In this blog post, we will try to answer the question ‘Can I call the police if my child refuses to go to school?’ The blog guide also looks at reasons not to call the police if your child refuses to go to school and how to deal with your child who refuses to go to school.
Can I call the police if my child refuses to go to school?
This may sound absurd, but you can call the police if your child refuses to go to school.
When a 14-year-old girl didn’t go to school in Elkhart, her father called the police. The conversation with the dispatcher made it clear that it was quite normal.
The Dispatcher asked why do you need to speak with an officer? To which the caller replied “I had an officer out here yesterday because my daughter refused to go to school. She skipped school yesterday and she skipped school today.”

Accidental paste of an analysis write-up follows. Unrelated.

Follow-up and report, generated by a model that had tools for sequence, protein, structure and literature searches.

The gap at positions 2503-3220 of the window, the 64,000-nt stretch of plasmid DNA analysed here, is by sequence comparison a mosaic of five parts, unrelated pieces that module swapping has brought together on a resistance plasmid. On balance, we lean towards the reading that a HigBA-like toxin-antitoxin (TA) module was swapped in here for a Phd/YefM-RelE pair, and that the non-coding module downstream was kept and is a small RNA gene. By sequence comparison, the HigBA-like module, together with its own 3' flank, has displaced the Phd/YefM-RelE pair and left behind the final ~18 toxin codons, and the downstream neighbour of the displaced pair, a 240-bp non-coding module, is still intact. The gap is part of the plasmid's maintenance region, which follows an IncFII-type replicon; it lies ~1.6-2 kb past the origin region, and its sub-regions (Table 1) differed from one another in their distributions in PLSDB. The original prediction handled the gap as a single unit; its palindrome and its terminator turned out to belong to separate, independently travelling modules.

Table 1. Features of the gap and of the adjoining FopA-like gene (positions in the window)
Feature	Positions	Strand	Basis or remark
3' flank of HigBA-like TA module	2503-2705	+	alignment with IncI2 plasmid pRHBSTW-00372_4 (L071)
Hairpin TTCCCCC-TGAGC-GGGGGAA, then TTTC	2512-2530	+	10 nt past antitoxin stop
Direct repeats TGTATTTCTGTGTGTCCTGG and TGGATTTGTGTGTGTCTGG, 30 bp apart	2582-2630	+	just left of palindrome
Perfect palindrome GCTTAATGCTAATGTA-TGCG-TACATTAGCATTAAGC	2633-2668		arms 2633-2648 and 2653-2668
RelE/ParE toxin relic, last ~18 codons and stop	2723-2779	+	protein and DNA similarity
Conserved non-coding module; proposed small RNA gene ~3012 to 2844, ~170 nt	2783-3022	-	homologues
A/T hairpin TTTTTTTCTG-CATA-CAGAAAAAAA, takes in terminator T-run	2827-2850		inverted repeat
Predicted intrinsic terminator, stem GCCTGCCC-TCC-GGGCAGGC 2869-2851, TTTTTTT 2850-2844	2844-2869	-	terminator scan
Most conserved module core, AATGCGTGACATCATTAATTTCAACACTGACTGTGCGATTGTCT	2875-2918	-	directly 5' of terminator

A spokesman at the Elkhart Police Department said the callus very normal. . In fact, this was the second call they were receiving on the same day, about a child refusing to go to school.
This shows that you can call the police if your child refuses to go to school.
But does this help? How does calling the police help when your child refuses to go to school?
A Sioux Falls police spokesman Sam Clemens explains what the deal is.
He says “Quite oftentimes the officers will tell the kid to go to school and that’s about it. “The officers explain to the parents it’s their responsibility to make sure the child goes to school,” Clemens says.
It was also known that missing one day of school usually does not constitute charges. “However we’ve generally been filing on kids that have skipped 30 days or more,” McGowan continued.
Reasons You Shouldn’t Call the Police when your child refuses to go to school.